Australia is a continent of considerable size. Actually, it is the sixth-largest continent and is surrounded by the Indian Ocean.
In this continent, all the wettest and most fertile areas are concentrated along the coastline. The northern coast is tropical and humid, with lush rain-forests and mangrove swamps. A narrow fertile strip along the east and south-east coasts rise to the rocky Great Dividing Range. The highest peaks of this Range are known as the Australian Alps. The Murray River begins there and flows with curves slowly westwards for more than 2,500 kilometres.
And to the west of the Great Dividing Range lies vast rolling plains broken by occasional rocky hills. The landscape here includes shrubs, sparse pasture and dried-out riverbeds. Beyond these plains, a huge plateau covers the Western two-thirds of Australia. Much of this interior is rough desert, a baking hot wilderness of sand, stone and cracked clay. In the south-east, the mountainous island of Tasmania lies about 250 kilometres off the mainland, across the stormy waters of the Bass Strait. However, the south-west coast enjoys warm, dry summers and moist winters.
Australia’s special geographical features provide a number of unique plants and animals. The best known Australian animals are the marsupials which include kangaroos, wallabies, and koalas. The commonest trees include the tall evergreen eucalyptuses and the bright-flowered wattles. The bottle-trees are unique in Australia.
Most of Australia’s economy comes from farming and mining. Although much of the country is too dry for growing crops, the vast grasslands that spread across all the States are ideal for grazing large numbers of sheep and cattle. Crops such as wheat, sugarcane and fruits are grown only on 5% of the farmland, but this is extremely productive and profitable because of modern methods of farming. Besides, the rich deposits of minerals are a major source of wealth for the country. Australia is the only country that is also a continent. It is divided into six States and two areas called ‘Territories’. It includes the island of Tasmania. Each State and Territory has its own government. Canberra is the capital of Australia.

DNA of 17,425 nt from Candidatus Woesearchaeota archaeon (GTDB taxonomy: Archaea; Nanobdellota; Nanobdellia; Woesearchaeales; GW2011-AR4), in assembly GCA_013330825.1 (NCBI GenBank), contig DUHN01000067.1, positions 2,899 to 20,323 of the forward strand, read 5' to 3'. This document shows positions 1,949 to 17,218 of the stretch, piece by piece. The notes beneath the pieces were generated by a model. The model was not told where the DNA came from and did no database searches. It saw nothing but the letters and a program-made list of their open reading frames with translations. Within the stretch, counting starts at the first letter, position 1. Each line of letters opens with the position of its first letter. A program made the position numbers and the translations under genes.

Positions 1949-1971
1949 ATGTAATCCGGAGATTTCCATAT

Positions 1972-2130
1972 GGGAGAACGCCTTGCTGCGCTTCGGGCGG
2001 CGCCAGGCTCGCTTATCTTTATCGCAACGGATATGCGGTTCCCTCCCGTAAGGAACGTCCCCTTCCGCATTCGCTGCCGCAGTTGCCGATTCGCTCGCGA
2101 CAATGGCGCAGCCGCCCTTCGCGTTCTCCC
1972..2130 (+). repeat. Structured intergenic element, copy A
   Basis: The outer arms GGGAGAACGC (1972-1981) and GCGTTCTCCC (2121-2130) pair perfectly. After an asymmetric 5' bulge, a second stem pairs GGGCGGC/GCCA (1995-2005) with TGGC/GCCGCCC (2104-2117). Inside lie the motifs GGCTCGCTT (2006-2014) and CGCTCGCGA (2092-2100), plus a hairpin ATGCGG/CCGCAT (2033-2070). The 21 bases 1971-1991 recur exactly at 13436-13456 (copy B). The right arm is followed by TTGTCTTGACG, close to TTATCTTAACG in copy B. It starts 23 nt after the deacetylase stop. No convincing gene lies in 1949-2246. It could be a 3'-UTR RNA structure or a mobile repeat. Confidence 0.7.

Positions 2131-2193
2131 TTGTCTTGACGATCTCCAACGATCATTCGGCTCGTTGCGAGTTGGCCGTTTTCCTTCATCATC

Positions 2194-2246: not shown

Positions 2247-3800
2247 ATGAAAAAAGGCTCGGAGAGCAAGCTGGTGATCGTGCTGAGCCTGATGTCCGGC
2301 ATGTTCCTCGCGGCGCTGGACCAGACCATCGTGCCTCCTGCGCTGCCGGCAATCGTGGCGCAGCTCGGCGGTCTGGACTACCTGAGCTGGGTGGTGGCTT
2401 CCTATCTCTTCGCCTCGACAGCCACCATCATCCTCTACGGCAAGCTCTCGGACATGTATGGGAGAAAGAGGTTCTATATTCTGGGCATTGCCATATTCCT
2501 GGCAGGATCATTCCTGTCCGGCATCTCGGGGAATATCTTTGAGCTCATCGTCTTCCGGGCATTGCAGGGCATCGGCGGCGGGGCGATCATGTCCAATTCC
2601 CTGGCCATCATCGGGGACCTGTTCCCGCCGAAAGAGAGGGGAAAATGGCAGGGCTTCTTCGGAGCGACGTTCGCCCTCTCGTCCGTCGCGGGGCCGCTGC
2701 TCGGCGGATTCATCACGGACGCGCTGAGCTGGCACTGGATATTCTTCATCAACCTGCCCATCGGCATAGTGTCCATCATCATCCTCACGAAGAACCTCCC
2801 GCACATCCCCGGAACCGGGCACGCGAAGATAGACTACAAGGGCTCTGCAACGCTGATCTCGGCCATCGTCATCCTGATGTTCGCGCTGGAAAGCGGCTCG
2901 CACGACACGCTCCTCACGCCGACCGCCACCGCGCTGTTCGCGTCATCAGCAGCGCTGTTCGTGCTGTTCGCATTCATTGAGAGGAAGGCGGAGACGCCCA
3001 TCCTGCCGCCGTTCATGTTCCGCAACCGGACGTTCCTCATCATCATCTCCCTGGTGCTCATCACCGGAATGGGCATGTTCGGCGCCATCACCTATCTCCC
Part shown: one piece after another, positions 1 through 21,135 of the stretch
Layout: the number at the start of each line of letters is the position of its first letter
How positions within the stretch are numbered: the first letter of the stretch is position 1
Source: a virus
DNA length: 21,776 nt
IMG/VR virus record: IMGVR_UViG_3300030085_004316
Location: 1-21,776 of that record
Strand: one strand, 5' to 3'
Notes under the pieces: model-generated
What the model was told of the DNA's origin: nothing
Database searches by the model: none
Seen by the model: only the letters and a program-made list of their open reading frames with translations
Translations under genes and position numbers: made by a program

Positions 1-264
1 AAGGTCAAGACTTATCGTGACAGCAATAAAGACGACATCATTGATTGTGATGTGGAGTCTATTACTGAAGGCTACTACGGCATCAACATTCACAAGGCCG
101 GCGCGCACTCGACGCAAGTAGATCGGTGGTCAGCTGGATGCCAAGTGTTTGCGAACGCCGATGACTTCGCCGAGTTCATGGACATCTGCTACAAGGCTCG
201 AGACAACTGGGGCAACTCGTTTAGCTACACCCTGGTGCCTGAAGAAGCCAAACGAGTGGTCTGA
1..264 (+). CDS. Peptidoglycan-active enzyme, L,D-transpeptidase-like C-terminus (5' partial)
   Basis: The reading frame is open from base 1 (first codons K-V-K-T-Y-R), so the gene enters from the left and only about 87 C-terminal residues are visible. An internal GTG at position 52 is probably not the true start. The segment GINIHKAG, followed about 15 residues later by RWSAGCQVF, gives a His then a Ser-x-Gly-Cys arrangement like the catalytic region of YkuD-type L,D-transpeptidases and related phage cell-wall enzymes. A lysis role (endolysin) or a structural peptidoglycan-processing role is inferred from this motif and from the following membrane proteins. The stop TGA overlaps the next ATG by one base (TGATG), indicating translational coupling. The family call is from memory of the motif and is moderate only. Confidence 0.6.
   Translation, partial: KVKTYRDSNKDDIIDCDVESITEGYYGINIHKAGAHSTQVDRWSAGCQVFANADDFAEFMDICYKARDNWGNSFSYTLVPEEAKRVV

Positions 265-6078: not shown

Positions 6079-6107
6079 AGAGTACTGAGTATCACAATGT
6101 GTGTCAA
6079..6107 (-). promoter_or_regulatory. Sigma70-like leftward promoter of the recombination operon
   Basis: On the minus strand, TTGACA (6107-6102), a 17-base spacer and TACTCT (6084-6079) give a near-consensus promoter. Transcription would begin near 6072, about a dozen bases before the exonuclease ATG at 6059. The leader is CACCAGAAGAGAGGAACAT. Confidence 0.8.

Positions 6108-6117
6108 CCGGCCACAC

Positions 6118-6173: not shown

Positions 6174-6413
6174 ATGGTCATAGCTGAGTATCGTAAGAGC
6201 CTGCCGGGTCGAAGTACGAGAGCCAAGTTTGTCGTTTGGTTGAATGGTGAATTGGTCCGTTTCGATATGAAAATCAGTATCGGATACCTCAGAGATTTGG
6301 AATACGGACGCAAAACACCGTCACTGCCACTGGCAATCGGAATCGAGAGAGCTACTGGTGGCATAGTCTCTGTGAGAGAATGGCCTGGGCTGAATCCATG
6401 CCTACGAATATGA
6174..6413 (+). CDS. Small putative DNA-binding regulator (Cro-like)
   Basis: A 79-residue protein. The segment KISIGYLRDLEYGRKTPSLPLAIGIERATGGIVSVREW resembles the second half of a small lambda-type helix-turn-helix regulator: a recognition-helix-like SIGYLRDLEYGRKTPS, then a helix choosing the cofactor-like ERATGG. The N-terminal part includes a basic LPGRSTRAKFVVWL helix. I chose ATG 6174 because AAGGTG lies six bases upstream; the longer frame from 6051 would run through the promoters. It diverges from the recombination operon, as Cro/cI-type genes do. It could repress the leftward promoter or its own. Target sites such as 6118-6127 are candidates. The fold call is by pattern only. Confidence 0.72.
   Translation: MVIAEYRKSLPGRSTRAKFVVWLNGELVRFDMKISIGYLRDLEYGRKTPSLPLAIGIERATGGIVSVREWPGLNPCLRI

In comparison to Australia’s large size, it has a small population. Most Australians live in a narrow strip of land along the coast and southeast coasts. The interior part of the continent, known as the ‘outback’, is too dry and barren to support the habitation of a good many people.
The first inhabitants of the aborigines of Australia originally came from southeast Asia. The country was discovered by Europeans in 1606 when a Dutch sea captain William Jansz landed on its shores. After that most people came from Europe. It became a British colony in the 1700s. Thousands of people who had committed crimes in Britain were given the choice of either going to prison or moving to Australia. As a result, many Australians are of British ancestry, and the country has maintained strong links with the United Kingdom. Till now the head of the State is the British monarch who is represented in Australia by a governor-general. In recent years, however, a movement to make the country a republic has gathered greater strength.
Now Australia is better known as a land of sunshine, open spaces and lively modern cities.